Shoeless in Alaska – make sure your socks match

With so many shoeless feet on display, socks are an accessory that must be chosen carefully.

I wonder, is it common in other parts of the United States to automatically take off your shoes when visiting someone's home?

I live in a small town in Alaska that has an average annual rainfall of about 13 feet. If it's not currently raining, it probably just quit. If it is raining, it probably will continue with gusto for several more days. In winter, you can count on snow and sleet being thrown into the mix.

Many neighborhoods are rural, with gravel roads and dirt walkways to front doors. No matter what the season, driveways, sidewalks, car floorboards, and front yards are in a constant state of muck or grit.

So in my circle of friends, it's second nature to step inside the front door at a potluck gathering and automatically shuck off your shoes, a delicate one-footed balancing act with casserole in hand. There's usually an accumulating pile of shoes or boots already started, and the next pair just joins the heap.

I first took particular note of this social phenomenon many years ago when a technician from Los Angeles came to town for a couple of weeks to install a new computer system at my office. While she was here, we organized an office potluck at a co-worker's house and invited her to the affair. I arrived late, kicked off my shoes on the mounding pile in the entryway, and entered the living room. She immediately checked my shoeless feet and burst into laughter. She'd been watching all the barefooted arrivals, and I was true to form. She'd never been in a place where you dropped your shoes at the door, and I think the cultural oddity was the highlight of her visit here. I guess they do things differently in L.A.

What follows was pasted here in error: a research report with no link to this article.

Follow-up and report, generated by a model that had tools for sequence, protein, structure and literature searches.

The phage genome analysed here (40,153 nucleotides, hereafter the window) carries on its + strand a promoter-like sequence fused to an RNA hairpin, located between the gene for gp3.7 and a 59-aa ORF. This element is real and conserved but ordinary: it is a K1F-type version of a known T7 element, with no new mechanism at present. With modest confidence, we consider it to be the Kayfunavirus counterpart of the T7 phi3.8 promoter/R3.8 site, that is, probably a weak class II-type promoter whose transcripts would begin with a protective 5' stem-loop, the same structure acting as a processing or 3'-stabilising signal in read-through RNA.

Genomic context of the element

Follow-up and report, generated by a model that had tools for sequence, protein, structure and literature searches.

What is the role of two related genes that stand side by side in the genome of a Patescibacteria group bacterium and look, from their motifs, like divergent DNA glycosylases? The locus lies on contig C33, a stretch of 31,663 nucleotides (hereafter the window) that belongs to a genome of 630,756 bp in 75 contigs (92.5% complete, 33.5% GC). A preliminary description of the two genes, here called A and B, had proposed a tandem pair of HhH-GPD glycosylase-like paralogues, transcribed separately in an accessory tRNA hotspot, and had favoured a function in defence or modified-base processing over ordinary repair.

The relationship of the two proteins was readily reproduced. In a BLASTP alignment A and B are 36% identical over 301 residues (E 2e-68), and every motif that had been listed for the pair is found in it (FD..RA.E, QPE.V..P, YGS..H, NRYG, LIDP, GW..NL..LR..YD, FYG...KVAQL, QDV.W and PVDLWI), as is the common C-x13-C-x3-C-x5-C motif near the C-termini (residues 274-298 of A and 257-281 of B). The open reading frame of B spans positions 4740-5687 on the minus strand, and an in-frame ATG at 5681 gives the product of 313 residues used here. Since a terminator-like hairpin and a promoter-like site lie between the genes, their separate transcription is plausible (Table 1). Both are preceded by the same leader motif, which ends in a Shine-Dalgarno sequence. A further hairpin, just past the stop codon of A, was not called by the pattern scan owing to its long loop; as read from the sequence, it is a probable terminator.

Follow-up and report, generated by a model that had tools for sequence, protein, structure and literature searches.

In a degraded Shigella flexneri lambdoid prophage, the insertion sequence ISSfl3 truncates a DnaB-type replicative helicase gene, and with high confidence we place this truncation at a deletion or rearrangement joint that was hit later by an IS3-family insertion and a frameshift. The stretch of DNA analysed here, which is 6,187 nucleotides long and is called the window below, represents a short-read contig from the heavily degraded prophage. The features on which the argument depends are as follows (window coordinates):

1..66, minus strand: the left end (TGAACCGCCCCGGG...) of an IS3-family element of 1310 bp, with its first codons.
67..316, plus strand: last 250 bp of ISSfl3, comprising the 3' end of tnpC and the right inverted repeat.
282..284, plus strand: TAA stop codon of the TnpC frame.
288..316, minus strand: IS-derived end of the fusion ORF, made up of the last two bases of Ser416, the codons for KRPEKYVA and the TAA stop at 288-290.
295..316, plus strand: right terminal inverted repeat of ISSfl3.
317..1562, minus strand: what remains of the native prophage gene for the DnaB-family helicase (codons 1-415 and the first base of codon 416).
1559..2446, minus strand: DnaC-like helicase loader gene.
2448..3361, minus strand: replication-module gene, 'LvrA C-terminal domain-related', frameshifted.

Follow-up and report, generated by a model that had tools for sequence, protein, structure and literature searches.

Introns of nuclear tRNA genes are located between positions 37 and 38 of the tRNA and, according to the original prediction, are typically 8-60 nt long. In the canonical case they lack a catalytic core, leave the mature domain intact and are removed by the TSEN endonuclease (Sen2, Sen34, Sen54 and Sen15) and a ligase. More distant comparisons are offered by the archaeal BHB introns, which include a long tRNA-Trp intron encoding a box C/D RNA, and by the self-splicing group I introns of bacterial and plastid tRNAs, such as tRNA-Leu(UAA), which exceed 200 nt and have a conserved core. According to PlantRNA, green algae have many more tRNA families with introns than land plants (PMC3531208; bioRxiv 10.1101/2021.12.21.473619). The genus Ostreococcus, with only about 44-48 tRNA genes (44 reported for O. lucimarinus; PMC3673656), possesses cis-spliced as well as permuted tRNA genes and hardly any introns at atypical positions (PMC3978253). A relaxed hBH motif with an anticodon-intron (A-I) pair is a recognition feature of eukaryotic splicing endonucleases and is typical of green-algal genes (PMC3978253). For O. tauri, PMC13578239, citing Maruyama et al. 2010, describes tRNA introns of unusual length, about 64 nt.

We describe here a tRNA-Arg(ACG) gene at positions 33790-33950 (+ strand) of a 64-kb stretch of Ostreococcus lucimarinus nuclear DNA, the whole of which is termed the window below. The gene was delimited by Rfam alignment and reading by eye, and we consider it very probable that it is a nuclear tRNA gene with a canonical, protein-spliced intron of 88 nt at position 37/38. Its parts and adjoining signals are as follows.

Over the years I've noted the intricacies associated with this ritual. I keep a subconscious list of the floor patterns at my friends' houses – wearing standard street socks to homes with warm, plush carpeting and thick wool socks to slide across bare hardwood floors. (And socks are the norm in this crowd – I can't remember the last time I saw a pair of toes in nylons.) I also keep a spare pair of slippers to bring along to some places. Wearing slippers in a friend's house gives me a contented sense of belonging.

The custom also adds another element to the art of "accessorizing." In addition to matching sweaters and shirts, one has to be careful to coordinate socks with an outfit. Casting a sideways, downward glance at gathered feet, it's a delight to see the variety of colors, designs, and fabrics scuffing around the floor.

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